If you thought navigation was as simple as turning on your GPS and following your map app, think again. Today, we have our first post from Victor Hoff, who shares his top navigation tips, and why they’re important to master, especially for new drivers.
Congratulations! You’ve figured out which rideshare gigs work best for you, you passed your background check and have had your car successfully inspected and now you’re ready to get on the road and start make money. Simple, right? Well, for the most part, it is. Driving for Uber, Lyft, Postmates or any one of a growing number of service-oriented rideshare opportunities that require a car have helped thousands of men and women like us turn our love of driving into a fairly reliable income stream.
But in order to really capitalize on the opportunity, we have to think of ourselves as less like independent contractors and more like small business owners.
So how do we do that? We market ourselves. And you don’t even require a degree in marketing to be successful at it. If you just follow a few simple core principles, most of the hard work has already been done for you by the thousands of drivers who followed the same path you are about to embark on. So without further adieu:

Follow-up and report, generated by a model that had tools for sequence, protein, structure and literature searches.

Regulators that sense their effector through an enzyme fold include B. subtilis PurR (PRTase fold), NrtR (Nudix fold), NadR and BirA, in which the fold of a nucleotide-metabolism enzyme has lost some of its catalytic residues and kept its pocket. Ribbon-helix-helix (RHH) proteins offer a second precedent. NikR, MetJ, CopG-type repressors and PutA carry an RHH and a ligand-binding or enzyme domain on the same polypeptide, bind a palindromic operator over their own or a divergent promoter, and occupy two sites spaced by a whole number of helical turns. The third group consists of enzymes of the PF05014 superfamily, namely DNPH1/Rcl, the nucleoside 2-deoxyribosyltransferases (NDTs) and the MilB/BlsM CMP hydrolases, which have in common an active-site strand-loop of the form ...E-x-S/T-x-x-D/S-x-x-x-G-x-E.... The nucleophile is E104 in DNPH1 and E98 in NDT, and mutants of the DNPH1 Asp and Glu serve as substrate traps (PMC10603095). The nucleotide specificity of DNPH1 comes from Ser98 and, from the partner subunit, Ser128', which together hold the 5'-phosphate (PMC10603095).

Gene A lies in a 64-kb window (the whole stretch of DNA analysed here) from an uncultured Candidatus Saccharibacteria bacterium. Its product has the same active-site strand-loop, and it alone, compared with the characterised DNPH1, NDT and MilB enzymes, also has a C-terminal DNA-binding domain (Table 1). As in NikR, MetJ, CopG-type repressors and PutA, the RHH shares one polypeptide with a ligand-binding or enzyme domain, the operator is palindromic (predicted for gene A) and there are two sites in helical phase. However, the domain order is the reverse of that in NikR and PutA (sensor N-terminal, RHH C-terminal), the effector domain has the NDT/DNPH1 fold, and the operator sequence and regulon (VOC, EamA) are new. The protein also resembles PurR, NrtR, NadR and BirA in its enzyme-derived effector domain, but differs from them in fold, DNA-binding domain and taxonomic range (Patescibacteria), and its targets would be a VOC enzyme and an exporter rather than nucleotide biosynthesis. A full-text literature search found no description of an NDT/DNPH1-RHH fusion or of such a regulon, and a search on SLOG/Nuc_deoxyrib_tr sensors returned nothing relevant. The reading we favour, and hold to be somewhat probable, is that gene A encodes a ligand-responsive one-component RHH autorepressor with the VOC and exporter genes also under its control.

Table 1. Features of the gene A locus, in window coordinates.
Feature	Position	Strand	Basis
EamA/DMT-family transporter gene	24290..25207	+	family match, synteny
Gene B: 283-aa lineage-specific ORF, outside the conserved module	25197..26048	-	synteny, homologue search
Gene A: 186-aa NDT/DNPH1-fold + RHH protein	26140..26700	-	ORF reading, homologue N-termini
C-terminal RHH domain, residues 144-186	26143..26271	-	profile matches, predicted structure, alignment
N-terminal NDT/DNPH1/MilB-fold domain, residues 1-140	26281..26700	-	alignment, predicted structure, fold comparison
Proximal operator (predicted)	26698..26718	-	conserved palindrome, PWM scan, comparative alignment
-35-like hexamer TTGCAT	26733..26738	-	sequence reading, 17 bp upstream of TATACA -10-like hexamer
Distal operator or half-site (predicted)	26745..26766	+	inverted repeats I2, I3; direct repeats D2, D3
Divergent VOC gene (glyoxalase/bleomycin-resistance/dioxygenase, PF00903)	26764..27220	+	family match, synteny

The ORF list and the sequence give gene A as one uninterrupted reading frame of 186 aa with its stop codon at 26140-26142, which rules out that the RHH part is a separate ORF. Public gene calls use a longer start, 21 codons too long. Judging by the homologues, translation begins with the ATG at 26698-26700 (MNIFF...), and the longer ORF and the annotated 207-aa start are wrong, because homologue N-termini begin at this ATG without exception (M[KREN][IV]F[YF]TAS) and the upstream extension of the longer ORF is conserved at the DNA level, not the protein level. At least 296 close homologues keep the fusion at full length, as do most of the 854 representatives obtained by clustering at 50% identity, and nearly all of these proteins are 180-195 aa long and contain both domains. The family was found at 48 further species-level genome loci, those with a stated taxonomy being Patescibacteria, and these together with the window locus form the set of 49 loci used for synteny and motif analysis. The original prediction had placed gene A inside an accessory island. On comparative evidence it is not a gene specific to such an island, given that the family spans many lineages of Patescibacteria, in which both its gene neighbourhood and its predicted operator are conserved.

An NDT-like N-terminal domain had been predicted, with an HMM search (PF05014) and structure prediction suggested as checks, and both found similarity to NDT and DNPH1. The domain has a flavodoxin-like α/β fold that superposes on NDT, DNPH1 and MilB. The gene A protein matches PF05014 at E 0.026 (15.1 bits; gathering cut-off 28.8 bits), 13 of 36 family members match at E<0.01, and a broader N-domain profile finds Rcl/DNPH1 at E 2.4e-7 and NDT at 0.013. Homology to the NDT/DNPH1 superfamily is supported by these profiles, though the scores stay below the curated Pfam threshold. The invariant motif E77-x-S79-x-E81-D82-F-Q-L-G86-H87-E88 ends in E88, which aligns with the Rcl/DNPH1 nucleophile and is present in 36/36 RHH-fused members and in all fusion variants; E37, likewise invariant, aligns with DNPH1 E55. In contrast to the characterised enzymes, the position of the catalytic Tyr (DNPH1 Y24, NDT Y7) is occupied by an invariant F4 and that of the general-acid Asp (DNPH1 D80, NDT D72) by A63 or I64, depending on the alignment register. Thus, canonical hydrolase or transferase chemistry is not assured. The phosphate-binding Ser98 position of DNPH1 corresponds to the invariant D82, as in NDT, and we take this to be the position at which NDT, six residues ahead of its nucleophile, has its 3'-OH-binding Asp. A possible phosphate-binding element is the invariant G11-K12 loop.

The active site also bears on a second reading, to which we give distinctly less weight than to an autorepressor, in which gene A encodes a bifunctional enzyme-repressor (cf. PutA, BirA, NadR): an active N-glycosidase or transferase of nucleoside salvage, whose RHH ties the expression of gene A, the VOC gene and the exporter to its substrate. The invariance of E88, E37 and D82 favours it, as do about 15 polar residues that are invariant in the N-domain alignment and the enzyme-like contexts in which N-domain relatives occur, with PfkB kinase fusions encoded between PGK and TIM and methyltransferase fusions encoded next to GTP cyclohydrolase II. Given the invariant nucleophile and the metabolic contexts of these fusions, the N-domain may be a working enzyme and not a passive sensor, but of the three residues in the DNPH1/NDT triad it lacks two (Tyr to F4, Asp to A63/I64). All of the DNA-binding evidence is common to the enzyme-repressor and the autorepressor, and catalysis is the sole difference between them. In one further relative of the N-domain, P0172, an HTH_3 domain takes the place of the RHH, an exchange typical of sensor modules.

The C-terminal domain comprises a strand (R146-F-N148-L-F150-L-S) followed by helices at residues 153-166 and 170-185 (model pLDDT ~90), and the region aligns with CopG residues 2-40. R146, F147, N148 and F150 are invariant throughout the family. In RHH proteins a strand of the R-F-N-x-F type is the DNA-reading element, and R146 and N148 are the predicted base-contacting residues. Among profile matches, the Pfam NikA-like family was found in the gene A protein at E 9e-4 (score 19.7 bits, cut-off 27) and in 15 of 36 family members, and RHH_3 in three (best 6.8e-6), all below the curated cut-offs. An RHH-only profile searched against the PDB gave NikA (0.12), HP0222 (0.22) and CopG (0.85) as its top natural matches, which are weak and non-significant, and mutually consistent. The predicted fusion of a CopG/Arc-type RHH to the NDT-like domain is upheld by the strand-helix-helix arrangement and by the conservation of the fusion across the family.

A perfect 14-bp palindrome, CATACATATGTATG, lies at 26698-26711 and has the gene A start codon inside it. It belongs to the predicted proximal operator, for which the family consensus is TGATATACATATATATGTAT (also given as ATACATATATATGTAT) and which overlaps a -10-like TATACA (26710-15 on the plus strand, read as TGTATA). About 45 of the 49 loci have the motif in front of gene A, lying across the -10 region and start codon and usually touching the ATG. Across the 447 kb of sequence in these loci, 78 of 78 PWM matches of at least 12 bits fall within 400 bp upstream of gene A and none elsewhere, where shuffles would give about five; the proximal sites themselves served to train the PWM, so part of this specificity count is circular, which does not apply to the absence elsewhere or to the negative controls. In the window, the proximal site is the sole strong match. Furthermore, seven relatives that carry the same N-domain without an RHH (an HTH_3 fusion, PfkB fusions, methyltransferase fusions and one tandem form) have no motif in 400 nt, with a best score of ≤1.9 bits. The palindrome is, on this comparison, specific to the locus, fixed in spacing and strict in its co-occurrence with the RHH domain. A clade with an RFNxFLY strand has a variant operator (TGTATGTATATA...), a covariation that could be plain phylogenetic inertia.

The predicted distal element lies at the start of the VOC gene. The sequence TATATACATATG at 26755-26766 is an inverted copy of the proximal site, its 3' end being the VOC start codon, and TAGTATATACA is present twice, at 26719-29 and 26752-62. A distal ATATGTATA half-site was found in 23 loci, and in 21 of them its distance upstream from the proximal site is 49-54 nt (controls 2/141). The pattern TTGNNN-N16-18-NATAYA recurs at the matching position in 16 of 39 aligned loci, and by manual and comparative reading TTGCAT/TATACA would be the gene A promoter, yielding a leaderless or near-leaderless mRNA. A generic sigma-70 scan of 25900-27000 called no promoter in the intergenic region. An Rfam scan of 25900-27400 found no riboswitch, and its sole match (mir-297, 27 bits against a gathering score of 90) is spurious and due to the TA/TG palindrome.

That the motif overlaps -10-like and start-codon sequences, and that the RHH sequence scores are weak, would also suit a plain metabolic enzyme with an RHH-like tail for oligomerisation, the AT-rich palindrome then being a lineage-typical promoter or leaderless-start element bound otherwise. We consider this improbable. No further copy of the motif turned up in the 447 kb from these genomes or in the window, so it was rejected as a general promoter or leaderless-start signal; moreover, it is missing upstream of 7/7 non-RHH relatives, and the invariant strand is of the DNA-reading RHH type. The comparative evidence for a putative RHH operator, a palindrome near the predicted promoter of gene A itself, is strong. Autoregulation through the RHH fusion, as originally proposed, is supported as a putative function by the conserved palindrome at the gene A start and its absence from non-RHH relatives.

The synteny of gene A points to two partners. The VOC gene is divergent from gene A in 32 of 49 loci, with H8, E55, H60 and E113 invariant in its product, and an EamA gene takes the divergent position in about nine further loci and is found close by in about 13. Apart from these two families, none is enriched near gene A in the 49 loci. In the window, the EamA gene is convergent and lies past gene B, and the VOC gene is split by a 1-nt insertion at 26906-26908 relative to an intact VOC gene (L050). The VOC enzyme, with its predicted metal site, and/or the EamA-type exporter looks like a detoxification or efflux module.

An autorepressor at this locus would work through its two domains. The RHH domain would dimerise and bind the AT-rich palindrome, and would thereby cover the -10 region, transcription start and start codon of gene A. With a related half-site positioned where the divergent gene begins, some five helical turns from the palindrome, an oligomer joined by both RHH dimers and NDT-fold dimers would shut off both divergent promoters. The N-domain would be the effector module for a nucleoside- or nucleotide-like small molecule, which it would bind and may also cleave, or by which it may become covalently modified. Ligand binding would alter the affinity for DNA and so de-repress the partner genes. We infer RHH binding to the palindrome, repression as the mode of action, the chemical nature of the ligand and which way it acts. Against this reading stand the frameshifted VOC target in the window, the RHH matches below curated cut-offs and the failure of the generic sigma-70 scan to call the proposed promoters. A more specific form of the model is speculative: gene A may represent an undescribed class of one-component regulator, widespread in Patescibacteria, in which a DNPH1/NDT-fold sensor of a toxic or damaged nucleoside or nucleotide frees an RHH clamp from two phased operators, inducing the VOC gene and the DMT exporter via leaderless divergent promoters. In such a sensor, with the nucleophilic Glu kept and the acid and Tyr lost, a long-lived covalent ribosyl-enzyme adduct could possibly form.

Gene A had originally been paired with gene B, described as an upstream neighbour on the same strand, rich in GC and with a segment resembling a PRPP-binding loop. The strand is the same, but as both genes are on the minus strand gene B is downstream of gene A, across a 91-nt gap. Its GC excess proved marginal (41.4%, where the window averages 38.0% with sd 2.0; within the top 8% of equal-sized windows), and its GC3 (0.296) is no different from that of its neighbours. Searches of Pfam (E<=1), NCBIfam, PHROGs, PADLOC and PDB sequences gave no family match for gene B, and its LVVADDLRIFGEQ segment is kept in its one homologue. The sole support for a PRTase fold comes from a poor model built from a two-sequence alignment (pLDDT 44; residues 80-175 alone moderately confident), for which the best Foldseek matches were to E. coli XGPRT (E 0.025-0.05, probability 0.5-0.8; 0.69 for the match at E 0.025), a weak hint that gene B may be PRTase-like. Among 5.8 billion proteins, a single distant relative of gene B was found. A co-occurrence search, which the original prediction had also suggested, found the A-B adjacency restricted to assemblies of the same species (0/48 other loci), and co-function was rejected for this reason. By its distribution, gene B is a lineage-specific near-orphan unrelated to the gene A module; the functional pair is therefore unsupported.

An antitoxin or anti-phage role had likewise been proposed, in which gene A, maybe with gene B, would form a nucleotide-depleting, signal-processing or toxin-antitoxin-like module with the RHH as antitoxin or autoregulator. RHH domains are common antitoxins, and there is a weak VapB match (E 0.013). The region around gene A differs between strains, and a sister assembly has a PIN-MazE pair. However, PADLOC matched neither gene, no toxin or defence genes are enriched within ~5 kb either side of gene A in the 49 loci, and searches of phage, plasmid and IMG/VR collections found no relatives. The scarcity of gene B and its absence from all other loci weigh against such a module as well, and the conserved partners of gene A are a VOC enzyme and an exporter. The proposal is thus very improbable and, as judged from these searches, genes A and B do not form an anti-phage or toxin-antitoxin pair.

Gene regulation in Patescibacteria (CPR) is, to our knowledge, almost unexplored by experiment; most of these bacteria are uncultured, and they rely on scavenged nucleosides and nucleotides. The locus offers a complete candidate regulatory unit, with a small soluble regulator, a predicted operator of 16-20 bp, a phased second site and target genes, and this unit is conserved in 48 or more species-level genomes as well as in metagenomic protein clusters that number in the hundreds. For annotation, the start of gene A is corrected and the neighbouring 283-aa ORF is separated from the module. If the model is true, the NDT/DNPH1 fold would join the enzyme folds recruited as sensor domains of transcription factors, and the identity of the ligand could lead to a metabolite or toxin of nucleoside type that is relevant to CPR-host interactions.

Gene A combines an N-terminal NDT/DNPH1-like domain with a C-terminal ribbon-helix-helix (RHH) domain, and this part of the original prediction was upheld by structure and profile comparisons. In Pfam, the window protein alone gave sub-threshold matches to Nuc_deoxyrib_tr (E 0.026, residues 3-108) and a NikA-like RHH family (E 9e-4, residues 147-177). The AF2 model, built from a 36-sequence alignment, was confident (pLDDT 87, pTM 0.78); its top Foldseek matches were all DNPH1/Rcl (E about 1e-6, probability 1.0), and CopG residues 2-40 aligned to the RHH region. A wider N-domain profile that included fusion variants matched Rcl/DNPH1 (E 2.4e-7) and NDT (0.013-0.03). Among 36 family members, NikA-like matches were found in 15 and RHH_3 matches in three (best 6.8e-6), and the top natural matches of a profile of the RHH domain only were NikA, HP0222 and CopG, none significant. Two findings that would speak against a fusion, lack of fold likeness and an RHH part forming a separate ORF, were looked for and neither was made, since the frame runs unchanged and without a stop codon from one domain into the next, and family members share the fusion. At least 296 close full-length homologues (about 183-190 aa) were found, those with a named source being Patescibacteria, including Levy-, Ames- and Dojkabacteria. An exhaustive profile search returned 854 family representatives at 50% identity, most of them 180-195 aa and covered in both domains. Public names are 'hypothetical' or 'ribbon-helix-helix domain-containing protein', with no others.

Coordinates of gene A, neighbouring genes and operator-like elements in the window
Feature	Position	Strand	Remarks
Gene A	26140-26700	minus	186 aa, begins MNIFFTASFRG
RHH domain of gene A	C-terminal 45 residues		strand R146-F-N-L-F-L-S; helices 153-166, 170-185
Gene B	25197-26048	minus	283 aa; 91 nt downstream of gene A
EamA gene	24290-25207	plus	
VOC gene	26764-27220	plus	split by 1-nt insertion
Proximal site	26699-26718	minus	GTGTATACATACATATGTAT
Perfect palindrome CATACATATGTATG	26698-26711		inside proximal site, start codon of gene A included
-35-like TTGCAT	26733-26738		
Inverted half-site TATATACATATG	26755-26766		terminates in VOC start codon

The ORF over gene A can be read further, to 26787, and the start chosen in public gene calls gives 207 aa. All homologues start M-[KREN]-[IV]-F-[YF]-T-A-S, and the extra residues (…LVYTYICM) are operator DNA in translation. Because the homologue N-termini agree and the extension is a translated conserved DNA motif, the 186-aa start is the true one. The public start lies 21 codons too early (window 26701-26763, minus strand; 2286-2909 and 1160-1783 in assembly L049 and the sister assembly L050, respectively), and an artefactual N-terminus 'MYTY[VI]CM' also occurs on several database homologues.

Get to Know Your City
Boise or St. Louis. Orlando or Dallas. Chicago or Minneapolis. I don’t care where you drive you or how many potholes, toll roads, detours or delays your hometown has, you need to understand your city’s grid first. For example, to outsiders, 3231 University Avenue means little. But if you’re going to be successfully driving in San Diego, you most likely already know that the address is on the south side of the block – odd numbers are on the south side of blocks heading east to west on the east side heading north to south – and the 3200 block is – you guessed it – near 32nd Street.